New Health Insurance Marketplaces Support Work
By Elizabeth Lower-Basch
This post originally appeared in “Spotlight on Poverty: The Source for News, Ideas, and Action.”
Much attention has been paid in the last few weeks to the Affordable Care Act (ACA), so-called Obamacare. So far, most of that discussion has ranged from the launch of the federal website to the overall effectiveness of the ACA in providing healthcare insurance to those who need it. One element that has not been discussed much, however, is the enormous benefit the full implementation of the ACA will be in promoting work and ensuring that low-wage workers will not lose access to health insurance by accepting a job.
The truth is the Affordable Care Act fills a critical gap in coverage for low-income workers. Most people in the U.S. are covered by health insurance that is provided through a job, either their own or a parent or spouse’s. Retirees receive health insurance from Medicare. And most low-income children who are not covered by employer-sponsored insurance are eligible for public health insurance through Medicaid or the Children’s Health Insurance Program (CHIP). But, until the implementation of the ACA, many working poor adults were out of luck. As of January 2013, workers without children were completely ineligible for public health coverage in half the states, while other states provided only limited insurance packages, or capped enrollment. In January 2013, 33 states set the Medicaid eligibility limit for parents at less than the federal poverty level–around $19,500 for a family of three–with 16 states limiting eligibility to parents with incomes less than half that threshold.
These eligibility limits have been particularly harmful because low-wage and part-time workers are far less likely than higher-earning workers to be offered employer-sponsored health insurance or to be able to afford it even when offered. Based on a March 2013 survey, the Bureau of Labor Statistics reports that just 28 percent of the workers with wages in the lowest 10 percent of the wage distribution – those earning $8.75 an hour or less – were offered insurance coverage, and just 11 percent of such workers participated in employer-based health insurance. By contrast, 94 percent of those with wages in the top 25 percent – those earning $27.60 an hour or more – were offered coverage. Part-time workers were also far less likely to be offered health insurance than full-time workers. As a result, among adults ages 18-64, those who worked but were employed less than year-round full-time were actually more likely to be uninsured than those who did not work even a single week.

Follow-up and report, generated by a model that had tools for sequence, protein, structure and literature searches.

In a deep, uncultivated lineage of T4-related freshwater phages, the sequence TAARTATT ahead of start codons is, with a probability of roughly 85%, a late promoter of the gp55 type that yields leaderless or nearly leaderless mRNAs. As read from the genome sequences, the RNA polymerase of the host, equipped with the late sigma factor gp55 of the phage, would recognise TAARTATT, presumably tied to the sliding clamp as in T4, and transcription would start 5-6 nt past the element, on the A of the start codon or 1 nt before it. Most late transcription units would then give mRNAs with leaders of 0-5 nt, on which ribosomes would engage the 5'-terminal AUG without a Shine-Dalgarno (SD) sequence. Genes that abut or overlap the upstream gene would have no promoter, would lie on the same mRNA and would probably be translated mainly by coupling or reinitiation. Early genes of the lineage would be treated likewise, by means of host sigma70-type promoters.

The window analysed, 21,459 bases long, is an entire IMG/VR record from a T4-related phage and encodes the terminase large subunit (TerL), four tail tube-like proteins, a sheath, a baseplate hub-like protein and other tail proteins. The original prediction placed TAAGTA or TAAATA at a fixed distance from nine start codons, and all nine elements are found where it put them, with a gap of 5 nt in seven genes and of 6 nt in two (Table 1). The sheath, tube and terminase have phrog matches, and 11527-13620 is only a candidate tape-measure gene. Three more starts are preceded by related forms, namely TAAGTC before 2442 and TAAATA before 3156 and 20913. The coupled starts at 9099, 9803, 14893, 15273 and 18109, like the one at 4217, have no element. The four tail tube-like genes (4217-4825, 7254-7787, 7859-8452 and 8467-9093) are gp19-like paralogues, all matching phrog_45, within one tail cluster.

This means that workers at the bottom of the labor market, especially parents, have too often been caught in a bind. If they take the low-wage jobs they can find, they are highly unlikely to be offered employer-based health insurance that they can afford. But even these low earnings are often enough to cause them to lose eligibility for Medicaid. They have had to choose between jobs and health insurance. Parents exiting from TANF cash assistance are typically eligible for 12 months of transitional Medicaid, after which they find themselves caught facing the same dilemma as other low-wage working families.
As of January 1 of the new year, states will be able to remove this predicament. By expanding Medicaid to all individuals up to 133 percent of the poverty level, states can ensure that no one will lose their health insurance by taking a job, even if it is part-time or low-paid. In addition, workers at higher income levels who are not offered affordable employer-provided coverage will be eligible for subsidies that will help them make co-payments and deductibles as well as cover insurance premiums.
Some politicians and pundits have expressed deep concern about the possible disincentives to work caused by the loss of means-tested benefits as earnings increase. In most cases, these concerns are overblown or based on false or misleading information. However, the loss of Medicaid benefits is one place where there is a harmful “cliff effect”—and states now have the power to fix it. As of this writing, only 26 states have committed to expanding Medicaid in 2014. The remainder should do so as soon as possible—for the sake of good health, for the sake of reducing poverty, and for the sake of promoting work.